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Natasha Morgan of Oak + Monkey Puzzle


It’s hard to believe that little more than one year has passed since landscape architect and urban planner Natasha Morgan made the tree-change to Oak & Monkey Puzzle with her young family. At the foothills of the Great Dividing Range, just south of Daylesford, Natasha has nurtured a rundown, rural property into a hub of growth, abundant creativity and community collaboration – there’s even a cricket pitch!

Our gardens columnist, Georgina Reid of The Planthunter is treated to a tour by this insightful experience maker.

16th January, 2017
Georgina Reid
Monday 16th January 2017

My mum cried when I bought this house,’ landscape architect and flower lover Natasha Morgan tells me. It was a derelict old building, complete with bats flying through open windows, an overgrown garden pruned only by horses nibbling on new growth, and lots of old trees.

‘I was elated, though, because I could see that everything I wanted to do with my life could take place here,’ she says.‘The first time I saw it I just stood under the big trees and thought how can I make this happen?”’ And happen, it did. Natasha bought the five-acre property in 2013, and moved in a year later.

Whilst Natasha hadn’t originally intended to move to the country full-time, the move wasn’t without foundation. She tells me of her previous house in Melbourne – an old scout hall with blackboards lining the walls. She used these walls to write down the things she loved, and wanted to do.

Finding a weekend property was high on that list. ‘I wanted to find a place with high rainfall, good soil, proximity to Melbourne, and a strong artistic and cultural life,’ she says. ‘Soon after, I found it.’ All the things Natasha listed on the blackboards had found a home. She named the property Oak & Monkey Puzzle, in reference to the 150-year-old oak trees and monkey puzzle tree growing in the garden.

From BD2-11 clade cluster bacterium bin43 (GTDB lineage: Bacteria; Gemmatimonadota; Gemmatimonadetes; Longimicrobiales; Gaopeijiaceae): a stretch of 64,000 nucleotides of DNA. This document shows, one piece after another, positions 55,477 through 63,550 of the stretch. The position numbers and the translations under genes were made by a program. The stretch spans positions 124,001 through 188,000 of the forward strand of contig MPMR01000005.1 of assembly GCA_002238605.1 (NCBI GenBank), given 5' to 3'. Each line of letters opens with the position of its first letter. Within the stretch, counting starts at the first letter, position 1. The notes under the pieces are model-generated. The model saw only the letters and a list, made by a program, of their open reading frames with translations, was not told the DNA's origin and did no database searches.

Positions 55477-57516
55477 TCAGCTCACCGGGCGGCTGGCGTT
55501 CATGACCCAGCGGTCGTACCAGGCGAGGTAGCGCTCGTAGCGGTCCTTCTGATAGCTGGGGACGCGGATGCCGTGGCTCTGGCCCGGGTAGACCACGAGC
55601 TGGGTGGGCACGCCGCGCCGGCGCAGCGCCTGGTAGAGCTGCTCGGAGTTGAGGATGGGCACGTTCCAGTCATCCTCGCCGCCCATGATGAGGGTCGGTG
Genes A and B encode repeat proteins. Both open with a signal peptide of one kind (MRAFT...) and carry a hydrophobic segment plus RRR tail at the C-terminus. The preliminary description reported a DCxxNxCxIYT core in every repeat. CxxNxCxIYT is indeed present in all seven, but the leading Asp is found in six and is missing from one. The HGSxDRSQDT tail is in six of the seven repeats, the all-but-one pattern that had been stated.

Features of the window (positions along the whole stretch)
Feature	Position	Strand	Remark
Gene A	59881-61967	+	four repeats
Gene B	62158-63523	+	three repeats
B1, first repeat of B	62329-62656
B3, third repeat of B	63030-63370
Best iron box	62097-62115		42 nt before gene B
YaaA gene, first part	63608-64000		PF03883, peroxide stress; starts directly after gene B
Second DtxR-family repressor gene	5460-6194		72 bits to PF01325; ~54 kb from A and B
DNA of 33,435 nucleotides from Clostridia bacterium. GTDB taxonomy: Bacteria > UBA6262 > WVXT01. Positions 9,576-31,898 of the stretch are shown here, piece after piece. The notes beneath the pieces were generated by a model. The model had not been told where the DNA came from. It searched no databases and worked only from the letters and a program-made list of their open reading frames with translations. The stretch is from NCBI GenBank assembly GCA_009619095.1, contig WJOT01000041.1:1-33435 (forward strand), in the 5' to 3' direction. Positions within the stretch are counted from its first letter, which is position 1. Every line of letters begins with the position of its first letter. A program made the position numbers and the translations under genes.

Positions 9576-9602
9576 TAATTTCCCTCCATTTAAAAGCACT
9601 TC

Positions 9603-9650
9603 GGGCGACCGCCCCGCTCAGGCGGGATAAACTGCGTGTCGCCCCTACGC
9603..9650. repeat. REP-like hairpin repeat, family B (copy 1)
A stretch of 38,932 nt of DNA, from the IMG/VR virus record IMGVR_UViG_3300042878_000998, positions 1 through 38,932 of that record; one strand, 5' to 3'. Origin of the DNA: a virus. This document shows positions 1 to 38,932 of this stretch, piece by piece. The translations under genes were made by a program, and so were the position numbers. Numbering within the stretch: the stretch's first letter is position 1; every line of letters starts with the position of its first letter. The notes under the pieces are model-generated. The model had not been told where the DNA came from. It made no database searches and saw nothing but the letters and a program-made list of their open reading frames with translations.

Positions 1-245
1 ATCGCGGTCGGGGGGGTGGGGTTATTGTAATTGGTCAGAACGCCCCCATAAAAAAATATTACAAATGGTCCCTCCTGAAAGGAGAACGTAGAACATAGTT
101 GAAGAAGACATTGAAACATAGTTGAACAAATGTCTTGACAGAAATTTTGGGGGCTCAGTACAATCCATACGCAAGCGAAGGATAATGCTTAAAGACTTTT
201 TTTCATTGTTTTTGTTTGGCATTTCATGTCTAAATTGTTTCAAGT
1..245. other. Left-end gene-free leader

The property, located between Daylesford and Ballan, has a long history as a hub within the local community. It started off as the Spargo Creek post office in the 1860s, then when the pub across the road burnt down it became the temporary drinking hole, and at some point it also became the recreation reserve and the general store.

Interspersed with its periods of public life, the property was also a home. The wife of the previous owner was a great gardener, but after she died the garden was untended for many years. Natasha and her family moved in in winter, and the second day they were there it snowed. Then spring happened, and all of a sudden the garden was full of bulbs – Jonquils, bluebells, grape hyacinth, daffodils and more. ‘It was magical,’ Natasha says.

Being a landscape architect, Natasha got stuck into the garden immediately. ‘I always start with the garden because it grows while everything else is being built or fixed,’ she tells me.‘I began with a masterplan. It was very much about aspect – getting an idea of where it’s sunny or not, and pragmatic concerns like making sure I can fit wheelbarrows between beds etcetera.’

The resulting garden is a series of formally arranged long raised beds, overflowing with edibles and flowers, as well as an orchard and berry patch, surrounded by wild grasses Natasha cuts paths through on the mower, leaving whats left to do its thing. It’s beautiful and abundant, overflowing with enough vegetables and fruit to feed her family, workshop participants and lucky neighbours.‘I’m always giving veggies away,’ she says.

The garden is Natasha’s laboratory.‘I’m not precious about it,’ she says.‘I’ve invested a lot of time into building the formal bones of the garden, but it’s always changing,’ she says, as she tells me of the beans and peas growing up a sculptural elm frame built from foraged suckers she found growing on the side of the road.‘I don’t want the garden to be static. I want to be able to walk through it and feel and see the changes in movement, texture, and seasonality. Change keeps me fresh!’

The garden also forms a backdrop to the workshops Natasha runs at the property. Working with passionate local craftspeople and artists, she offers a range of hands-on workshops including edible gardening, dry-stone wall building, garden design, floral design and more. It’s a gorgeous, changeable, flowery feast.

Like a crisp autumn morning after a long hot summer, Natasha and her family are breathing fresh life into Oak and Monkey Puzzle. Fuelled by Natasha’s vision, passion and generosity, the property once again is becoming a community hub – a place to share the enjoyment of the best, and simplest, things – food, flowers, and connection.

We’ll be seeing inside Natasha’s very special home a little later this week! In the meantime, do check out Natasha’s website to learn more about the wonderful line up of workshops and events she hosts at her property.

Natasha Morgan and her two children Saffron and Oliver. Photo – Caitlin Mills for The Design Files.

The Design Files acknowledge the Traditional Custodians of the lands on which we work, the Wurundjeri people of the Kulin Nation. We pay our respects to Elders past and present.

First Nations artists, designers, makers, and creative business owners are encouraged to submit their projects for coverage on The Design Files. Please email